During use, as incident neutrons penetrate input electrode 152 and particles 145, and react with neutron-sensitive material 147, reaction products are produced, e.g., photons, charged or uncharged particles (such as 3H, 4He, 3He, or 7Li) or beta particles (such as electrons in the case of 155Gd or 157Gd). When hydrogen-containing material, such as high-density polyethylene, Nylon™, or polyaramid is incorporated with plate 144 and/or particles 145, neutron radiation can strike and release energetic protons within the plate and produce secondary electrons. When the site of the reaction or interaction is sufficiently close to the surface of a particle (e.g., a lead glass fiber having an electron-emissive surface), the reaction products escape through the electron emissive surface layer of the particle and cause an emission of secondary electrons. When a beta particle escapes from a particle and collide against another particle, the collision can trigger the release of secondary electrons. A cascade of electrons can be produced and detected, as described above.
 Particles 145 may include a range of concentrations of neutron-sensitive material 147. In some embodiments, particles 145 includes between about 0% and about 50% by weight of neutron-sensitive material 147, e.g., greater than about 0% 5%, 10%, 15%, 20%, 25%, 30%, 35%, 40%, or 45%, and/or less than about 50%, 45%, 40%, 35%, 30%, 25%, 20%, 15%, 10%, or 5%. Particulate material incorporated into the rib structure may be up to 100% neutron-sensitive material.
 Electron multiplier 148 and plate 144 can be formed and modified as described above for multiplier 20 and plate 22.
 In other embodiments, neutron-sensitive material 147 forms a discrete portion of a fiber, e.g., a ribbon-like lead glass fiber. Referring to FIG. 7, a fiber 184 contains a core 188 of neutron-sensitive material 147. Core 188 is surrounded by a layer 192 having a semi-conductive and electron-emissive surface layer.
 The chemical composition of the fiber may be varied according to distance from the outer surface of the fiber. By decreasing the amount of neutron-sensitive material at depths where neutron-induced reaction products (charged particles, neutrals, and electrons) would be unable to escape to the surface and where such depths exceed the range of these reaction products, a chemical gradient is formed within the particle. Establishing this gradient or preferential layer enriched in neutron-sensitive material can increase the neutron detection efficiency of a detector by preventing neutrons from being absorbed at depths in the particle where they may not be effective and where the reaction products may be unable to escape and thus not contribute to the detection process. This can effectively increase the number of neutrons passing through the particle and increase the probability of such surviving neutrons interacting with other particles. The percentage of neutrons interacting with a given particle that yield a reaction product that escapes the particle to form an avalanche may also be increased.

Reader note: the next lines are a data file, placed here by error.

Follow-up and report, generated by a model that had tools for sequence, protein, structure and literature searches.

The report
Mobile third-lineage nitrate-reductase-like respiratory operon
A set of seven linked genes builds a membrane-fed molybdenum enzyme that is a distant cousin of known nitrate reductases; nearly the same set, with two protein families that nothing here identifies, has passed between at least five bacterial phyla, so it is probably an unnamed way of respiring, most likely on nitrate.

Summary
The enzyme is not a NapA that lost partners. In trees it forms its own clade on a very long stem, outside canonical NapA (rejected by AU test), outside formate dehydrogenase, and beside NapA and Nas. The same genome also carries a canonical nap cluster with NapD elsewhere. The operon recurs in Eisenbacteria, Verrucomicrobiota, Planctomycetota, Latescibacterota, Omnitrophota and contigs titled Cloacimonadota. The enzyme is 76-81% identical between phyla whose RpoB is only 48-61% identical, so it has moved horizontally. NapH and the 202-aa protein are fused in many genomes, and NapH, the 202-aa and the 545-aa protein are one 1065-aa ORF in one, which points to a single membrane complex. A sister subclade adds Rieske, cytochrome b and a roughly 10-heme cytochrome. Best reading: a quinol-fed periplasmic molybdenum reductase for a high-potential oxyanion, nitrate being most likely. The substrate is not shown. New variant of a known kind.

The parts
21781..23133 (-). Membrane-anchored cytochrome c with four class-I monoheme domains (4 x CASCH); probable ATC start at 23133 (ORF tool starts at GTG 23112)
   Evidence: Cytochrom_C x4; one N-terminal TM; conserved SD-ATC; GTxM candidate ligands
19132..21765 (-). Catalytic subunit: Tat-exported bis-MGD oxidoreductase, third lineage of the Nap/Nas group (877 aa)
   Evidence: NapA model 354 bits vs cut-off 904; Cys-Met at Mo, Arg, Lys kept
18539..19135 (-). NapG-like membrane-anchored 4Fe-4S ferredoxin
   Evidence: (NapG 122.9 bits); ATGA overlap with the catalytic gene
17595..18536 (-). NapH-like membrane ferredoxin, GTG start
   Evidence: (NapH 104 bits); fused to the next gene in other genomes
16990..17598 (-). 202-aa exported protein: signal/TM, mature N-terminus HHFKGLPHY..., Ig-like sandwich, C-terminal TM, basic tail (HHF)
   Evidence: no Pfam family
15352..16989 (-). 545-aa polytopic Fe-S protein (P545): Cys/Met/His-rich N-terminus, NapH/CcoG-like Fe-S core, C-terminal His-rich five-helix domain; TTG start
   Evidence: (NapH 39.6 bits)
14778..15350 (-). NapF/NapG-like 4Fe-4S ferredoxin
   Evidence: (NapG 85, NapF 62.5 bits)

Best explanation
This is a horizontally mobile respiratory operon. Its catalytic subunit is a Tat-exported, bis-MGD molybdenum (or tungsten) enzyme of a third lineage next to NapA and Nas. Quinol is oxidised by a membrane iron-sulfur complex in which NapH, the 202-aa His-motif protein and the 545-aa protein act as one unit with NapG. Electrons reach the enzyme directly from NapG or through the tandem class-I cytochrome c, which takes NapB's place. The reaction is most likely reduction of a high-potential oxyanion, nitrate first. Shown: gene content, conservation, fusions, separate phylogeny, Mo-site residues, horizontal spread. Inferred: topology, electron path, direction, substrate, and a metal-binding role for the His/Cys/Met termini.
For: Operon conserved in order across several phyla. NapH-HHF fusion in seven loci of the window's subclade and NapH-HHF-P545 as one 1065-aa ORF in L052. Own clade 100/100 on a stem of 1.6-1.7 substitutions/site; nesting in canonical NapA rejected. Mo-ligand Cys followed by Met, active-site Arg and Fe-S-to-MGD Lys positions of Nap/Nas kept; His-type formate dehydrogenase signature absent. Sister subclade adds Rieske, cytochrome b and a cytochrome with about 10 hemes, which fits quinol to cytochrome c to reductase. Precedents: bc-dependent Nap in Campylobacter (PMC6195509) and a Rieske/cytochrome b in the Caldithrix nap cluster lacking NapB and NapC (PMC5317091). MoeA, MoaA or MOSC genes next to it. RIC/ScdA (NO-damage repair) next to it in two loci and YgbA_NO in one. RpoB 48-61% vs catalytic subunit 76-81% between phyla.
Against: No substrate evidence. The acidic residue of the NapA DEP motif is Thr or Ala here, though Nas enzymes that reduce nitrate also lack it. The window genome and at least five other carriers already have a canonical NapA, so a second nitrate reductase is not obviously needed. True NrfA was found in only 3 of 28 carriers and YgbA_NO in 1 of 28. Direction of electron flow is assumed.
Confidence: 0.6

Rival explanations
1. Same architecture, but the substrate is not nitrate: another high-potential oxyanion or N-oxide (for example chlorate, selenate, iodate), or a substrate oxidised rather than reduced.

A preferred maximum radius, r, of core 188 is approximately the distance traveled by a neutron-induced particle, but less than the distance to the outer surface of the layer 192. The thickness of core 188 can be greater or less than the distance traveled by the neutron-induced particle. If the size of core 188 is greater than the range of a neutron-induced particle, the effectiveness of the reactions to produce electron cascades can be decreased. If the radius is less than the range of the induced charged particle, the effectiveness of the reaction to produce electron cascades can be increased. If the radius of core 188 is within the range or greater, a chemical gradient of the neutron sensitive material is preferably formed in which the region farthest away from the outer surface of particle 188 and greater than the range of the neutron induced particles is depleted of or reduced in neutron sensitive material.
 Layer 192 can have a thickness of several thousand Angstroms. Layer 192 may or may not contain neutron sensitive material. Layer 192 is preferably thick enough to support an electron-emissive layer and an electron conductive layer immediately beneath the electron-emissive layer. The electron conductive layer can replenish electrons lost by the electron-emissive layer. The thickness of layer 192 is typically the same for sphere, fiber, and shard particles. In some embodiments, layer 192 is intimately combined with neutron-sensitive material 147, as described above for particle 145.